The lines when I look at them, they are exactly perpendicular with no offset angle at all.
So that’s dependent on how I set it.

That is really, really amazing. You can check..
This is the one that’s done with The Wing Thing.
And this is the one that’s done with my bare hands.
And you can see the difference for yourself.

Okay, so I have attached the Beiter nock adapter to use with the Beiter nocks.
And let’s see how long I will take to fetch the spin wings.
Ready three two one, go.

Stop! 2 minutes and 58 seconds.
Right. And let’s take a look.
So I did not check on the angle of the vanes (arrow height).
But honestly speaking, I am impressed. I am very impressed.
Just take a look at that.

Okay, just take a look at my handmade one just over here.
So this is made with The Wing Thing. This is made with my hands.
And you can see that the vanes are very differently spaced out.
Right, this (Wing Thing) is much more even.
And honestly quite questionable with my own skills.
Alright, so this is the timing taken for The Wing Thing.

All in all, the time that we see is not very much significant.
Also dependent on your skills

There is a little bit of improvement maybe about 10%.
But what I really like about The Wing Thing is that you can rely so much on it and you can ensure that every turn that you make is so evenly spaced out.

I love it that the clamp has the edges over here and all you need to do is to push the vanes towards the edges.
And even for the tape, you just need to push it down onto the edges.
And you can align it just like that you don’t need to.. “am I too high or too low”?
You don’t need to bother all about that.

Because of all these conveniences. I do like The Wing Thing a lot.
In fact, I just claimed this first set as mine.

Okay, so that’s all from me.
Thank you so much for taking your time to watch this.
This is The Wing Thing from The Archery Lab.
And I hope that you’ll enjoy it as much as I had.

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Shoot and Repeat (The Shot Cycle)

If you’ve been shooting regularly for a period of time, you’d realise that your movements have developed into habits and routines. Subconsciously too! It’s the same every single time you step onto the shooting line and shoot.

How you pick up the bow, walk to the shooting line, nock an arrow, breathe and prepare, set up .. .. till you release and get another arrow ready to shoot.
In fact, it might seem like clockwork. These actions are repeated exactly to the seconds.

The sequence of movements is called the shot cycle
Sometimes we feel good about it, sometimes we feel as though something is off.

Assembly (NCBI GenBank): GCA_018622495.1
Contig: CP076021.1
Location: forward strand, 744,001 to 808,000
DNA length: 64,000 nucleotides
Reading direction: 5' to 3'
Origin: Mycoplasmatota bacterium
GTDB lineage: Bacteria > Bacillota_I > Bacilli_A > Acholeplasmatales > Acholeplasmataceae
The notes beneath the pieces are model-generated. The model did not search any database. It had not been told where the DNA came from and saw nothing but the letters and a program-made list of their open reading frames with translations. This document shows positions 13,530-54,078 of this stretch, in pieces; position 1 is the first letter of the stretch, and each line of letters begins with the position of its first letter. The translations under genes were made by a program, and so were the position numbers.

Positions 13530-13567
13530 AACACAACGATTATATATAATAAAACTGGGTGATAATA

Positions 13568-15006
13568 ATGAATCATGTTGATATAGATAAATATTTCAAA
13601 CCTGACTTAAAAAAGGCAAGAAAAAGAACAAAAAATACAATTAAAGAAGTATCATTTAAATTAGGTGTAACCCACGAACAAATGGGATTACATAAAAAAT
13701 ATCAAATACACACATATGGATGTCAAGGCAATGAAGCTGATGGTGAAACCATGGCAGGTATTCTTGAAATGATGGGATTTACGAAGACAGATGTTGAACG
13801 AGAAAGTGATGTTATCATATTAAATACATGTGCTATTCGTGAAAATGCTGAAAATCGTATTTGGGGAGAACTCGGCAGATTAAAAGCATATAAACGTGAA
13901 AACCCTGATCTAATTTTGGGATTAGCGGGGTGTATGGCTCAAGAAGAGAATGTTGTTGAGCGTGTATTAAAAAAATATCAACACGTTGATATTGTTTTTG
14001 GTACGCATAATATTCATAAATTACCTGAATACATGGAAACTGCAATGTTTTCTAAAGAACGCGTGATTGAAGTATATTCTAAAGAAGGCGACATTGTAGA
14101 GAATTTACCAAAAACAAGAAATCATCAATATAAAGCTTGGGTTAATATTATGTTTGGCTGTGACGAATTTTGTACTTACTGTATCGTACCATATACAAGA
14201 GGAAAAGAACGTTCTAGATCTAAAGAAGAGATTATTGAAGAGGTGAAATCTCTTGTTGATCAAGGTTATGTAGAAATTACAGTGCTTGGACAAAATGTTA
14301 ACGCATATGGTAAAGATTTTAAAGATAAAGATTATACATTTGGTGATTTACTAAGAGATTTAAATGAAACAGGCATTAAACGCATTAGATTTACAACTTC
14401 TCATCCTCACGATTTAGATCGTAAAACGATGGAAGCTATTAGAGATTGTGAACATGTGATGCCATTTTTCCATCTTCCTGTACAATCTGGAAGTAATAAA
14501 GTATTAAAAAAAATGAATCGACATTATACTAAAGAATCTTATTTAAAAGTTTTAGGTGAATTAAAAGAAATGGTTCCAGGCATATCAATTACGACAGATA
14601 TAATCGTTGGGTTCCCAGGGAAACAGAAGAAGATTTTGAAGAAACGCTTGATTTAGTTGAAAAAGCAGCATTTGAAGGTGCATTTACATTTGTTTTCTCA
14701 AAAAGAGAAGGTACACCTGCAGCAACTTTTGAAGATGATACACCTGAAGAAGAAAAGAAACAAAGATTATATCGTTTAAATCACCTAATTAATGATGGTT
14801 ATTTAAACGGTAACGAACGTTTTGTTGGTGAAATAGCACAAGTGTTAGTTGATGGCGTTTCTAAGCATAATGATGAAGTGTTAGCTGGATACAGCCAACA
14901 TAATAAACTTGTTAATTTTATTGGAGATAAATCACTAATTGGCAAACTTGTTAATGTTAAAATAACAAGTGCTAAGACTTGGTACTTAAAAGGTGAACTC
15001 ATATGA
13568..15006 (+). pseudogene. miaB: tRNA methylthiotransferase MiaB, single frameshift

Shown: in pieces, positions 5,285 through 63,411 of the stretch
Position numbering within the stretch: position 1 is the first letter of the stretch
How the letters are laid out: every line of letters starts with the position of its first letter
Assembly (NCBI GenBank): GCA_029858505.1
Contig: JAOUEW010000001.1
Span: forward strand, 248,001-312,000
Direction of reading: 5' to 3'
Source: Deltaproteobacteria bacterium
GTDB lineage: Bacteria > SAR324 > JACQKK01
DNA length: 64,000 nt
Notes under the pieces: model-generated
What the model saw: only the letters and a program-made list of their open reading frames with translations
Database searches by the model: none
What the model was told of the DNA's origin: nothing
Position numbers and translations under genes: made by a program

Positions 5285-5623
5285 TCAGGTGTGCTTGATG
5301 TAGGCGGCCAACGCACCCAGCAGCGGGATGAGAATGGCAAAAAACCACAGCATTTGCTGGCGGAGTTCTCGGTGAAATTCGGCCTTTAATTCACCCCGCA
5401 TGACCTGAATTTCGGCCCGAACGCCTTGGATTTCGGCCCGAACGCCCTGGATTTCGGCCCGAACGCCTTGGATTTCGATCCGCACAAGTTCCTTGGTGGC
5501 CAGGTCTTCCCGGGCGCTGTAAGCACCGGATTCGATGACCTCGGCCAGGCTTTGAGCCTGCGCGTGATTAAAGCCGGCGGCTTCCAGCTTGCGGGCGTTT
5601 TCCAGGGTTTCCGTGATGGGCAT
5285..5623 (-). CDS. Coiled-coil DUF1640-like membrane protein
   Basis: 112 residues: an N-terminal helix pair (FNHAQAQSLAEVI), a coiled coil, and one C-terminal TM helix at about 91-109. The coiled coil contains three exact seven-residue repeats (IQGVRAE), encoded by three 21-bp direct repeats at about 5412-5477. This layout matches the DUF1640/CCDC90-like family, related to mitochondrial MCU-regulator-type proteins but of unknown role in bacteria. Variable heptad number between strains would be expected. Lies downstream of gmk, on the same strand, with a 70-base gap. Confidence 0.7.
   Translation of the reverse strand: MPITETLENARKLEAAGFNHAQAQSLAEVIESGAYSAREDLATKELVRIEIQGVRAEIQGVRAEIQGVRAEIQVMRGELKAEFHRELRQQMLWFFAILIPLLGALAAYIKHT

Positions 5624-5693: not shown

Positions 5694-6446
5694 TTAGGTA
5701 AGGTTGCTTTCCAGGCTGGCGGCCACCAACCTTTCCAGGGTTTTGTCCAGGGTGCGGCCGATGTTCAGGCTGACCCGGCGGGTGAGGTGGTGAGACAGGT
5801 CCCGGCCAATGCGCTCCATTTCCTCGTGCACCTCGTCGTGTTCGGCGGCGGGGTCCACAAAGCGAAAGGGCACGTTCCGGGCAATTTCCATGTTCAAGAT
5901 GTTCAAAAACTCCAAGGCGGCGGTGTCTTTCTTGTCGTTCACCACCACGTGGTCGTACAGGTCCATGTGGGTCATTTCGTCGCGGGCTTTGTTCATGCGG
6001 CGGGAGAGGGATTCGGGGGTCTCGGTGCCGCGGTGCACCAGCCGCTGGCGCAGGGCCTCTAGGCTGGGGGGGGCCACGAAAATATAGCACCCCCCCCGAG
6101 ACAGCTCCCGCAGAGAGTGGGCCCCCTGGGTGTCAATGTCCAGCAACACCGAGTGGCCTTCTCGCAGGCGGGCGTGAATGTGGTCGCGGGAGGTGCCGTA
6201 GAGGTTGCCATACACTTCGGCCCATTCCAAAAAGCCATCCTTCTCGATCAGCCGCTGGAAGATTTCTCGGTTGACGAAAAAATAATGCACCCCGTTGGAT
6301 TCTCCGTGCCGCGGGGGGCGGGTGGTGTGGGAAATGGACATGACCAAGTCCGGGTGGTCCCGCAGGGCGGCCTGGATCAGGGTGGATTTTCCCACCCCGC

The shot cycle helps us to

  1. Develop confidence in ourselves when the shot cycle feels the same consistently. This is one of the ways we can prepare mentally for any competition.
    “When I know that I am consistent, I can also hit the X consistently.” It’s about letting the muscle memory take over, so that you let the subconscious do the work and you feel good about your shots.
  2. Determine adjustments to shooting form by using it as a structure to guide us in diagnosing issues.

Today’s blog post is about identifying different parts of the shot cycle. 
We want to structure it so that you can think about how you execute each step and what habits have been developed! 

For form habits that have been developed, they take place subconsciously. If we need to adjust our form, then consistent and intentional training will be needed to make new muscle memories. That’s why starting the sport with a good coach is important!
As we look at shooting forms in future, we will also refer back to this shot cycle.

There are so many books and ideas written about shooting: Kisik Lee, Kim Hyung Tak, World Archery, other coaches and federations. What’s the difference between all the shooting techniques then? 

The similarity: they all structure their thoughts according to the shot cycle. Using the shot cycle, they break it down by identifying specific movements like “hook the string”, “raise the bow”, “drawing”, “anchor” (compare their contents page). 

The differences are in how they optimize each step of the shot cycle. We’ll try to the best of our abilities to provide balanced considerations and perspectives for you to take.

We’ll look at the shot process in this manner. As you read it, do a throwback to every time you shoot and replay it in slow motion. How does your heart feel? What is your state mind? Remember your muscles moving and how it feels like, because

~ Improvement comes first through awareness ~


  • Pick up bow, walk to the shooting line
  • Feet position and posture

With bow and arrow